Transitioning.

My life after door kicking. I’ll be coming up on 10 years post military life. I thought I made the transition within a few months of seperation. Now, almost 10 years out, I have realized that in some ways I am still transitioning. From my expectations of co-workers, the way I attack both my personal and professional problems, and my recent diagnosis but obviously not recent development of PTSD. In these ways, and many more, I am still trying to carve out my place in the world.

I have come to gain some appreciation for my position in life. Partially because I’ve realized that while I am not where my civilian counterparts are (in some respects that may not be a bad thing) but my journey has taught me to weather the storm. I can say I am not where I thought I would be, in almost every aspect of my life. Adapt and overcome is still the motto, and most of my plans to this point haven’t survived first contact.

Selfless service is one of those core army values sometimes during our service we start to become a little cynical about. How ingrained these values become inside of us and our work ethic is something I was somewhat oblivious too until I transitioned. My first experiences post military were in the educational environment as I tried to use my GI bill. I had some expectations as to the level of investment some of my fellow students would have. Some of them impressed, while most showed that they weren’t bankrolling their education. Most of the ones who were clearly devoted to their education were later in life students. This level of enthusiam and investment continues to show itself in the professional world. A world in which I can’t say I excel to be honest.

I have found that the problem solving skills I aquired in the military have left me better prepared than most of my peers to deal with problems. Whether it be backwards planning or just simply attacking problems head on, I seem to be on a different wavelength than most of my coworkers. Many problems I see as easily accomplished my coworkers would find them insurmountable. Running off to find the boss for guidance. Somethings however aren’t A to B. Addressing some problems with the “soft knock” have side effects not easily apparent.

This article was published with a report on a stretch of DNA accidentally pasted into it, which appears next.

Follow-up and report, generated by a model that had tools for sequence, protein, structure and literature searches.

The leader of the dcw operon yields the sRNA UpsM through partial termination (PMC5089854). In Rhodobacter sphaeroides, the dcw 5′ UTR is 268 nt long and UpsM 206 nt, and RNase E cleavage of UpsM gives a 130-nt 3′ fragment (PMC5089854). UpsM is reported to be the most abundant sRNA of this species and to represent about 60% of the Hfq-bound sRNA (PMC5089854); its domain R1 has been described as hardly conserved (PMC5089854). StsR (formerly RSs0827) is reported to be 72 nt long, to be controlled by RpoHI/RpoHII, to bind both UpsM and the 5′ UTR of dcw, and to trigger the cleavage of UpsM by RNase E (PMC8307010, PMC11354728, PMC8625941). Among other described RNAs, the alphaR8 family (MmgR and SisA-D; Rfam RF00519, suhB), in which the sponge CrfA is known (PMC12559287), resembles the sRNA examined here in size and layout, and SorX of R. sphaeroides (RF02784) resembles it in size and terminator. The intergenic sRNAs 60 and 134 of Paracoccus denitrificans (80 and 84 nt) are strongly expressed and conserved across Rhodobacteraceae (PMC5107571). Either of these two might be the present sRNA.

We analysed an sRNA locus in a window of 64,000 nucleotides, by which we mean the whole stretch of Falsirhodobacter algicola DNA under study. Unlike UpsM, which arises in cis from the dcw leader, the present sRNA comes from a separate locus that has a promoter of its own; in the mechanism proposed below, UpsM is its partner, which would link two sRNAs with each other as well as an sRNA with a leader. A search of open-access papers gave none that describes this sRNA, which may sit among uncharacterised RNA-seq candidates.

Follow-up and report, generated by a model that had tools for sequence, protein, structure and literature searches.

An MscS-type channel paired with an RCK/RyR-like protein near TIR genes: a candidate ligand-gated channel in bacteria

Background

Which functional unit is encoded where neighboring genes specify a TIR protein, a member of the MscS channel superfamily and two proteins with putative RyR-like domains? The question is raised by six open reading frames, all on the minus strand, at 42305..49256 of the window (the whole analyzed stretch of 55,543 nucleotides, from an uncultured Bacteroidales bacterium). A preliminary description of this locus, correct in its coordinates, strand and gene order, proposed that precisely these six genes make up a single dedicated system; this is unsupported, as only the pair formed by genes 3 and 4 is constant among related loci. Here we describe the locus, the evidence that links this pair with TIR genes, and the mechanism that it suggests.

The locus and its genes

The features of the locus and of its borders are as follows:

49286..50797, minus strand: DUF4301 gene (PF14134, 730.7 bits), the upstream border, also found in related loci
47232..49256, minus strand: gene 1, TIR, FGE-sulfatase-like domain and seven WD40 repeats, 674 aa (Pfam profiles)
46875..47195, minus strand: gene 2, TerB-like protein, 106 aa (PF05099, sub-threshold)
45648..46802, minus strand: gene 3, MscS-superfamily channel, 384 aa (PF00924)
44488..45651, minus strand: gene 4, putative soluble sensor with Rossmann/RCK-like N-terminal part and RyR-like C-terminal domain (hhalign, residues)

Trying to figure out how I fit in this civilian world has been a challenge. There is quite a few reasons why it took me this long to get a diagnosis of PTSD. I will get into some of these issues in a future blog. For the purposes of this blog though I am addressing some of the issues that have made me feel like somewhat of an outsider amongst the civilian population amongst whom I now reside. I have some issues in crowds that make me uncomfortable in normal social settings. Places like concerts, movies, and to some extent even shopping malls while social hubs for some people are places of discomfort and paranoia for me. My issues with driving cause me to minimize my involvement with other people. I have obliviously become more and more of a recluse over the past decade.

I am now making strides towards getting help. I have always found writing therapeutic. Getting things out of my head and onto paper. So while I work on the professional end of things I thought I’d share some thoughts. Feel free to reach out with your comments or questions.

4 thoughts on “Transitioning.

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  1. I look forward to reading more of your story and posts.
    It took TOO long for me to get diagnosed with PTSD. I have written many blog posts on it.
    Thanks for commenting on my blog

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      1. I will look forward to it. It is not something that many talk about and so I have posted much on how it makes me feel and what I do physically and how I feel mentally.

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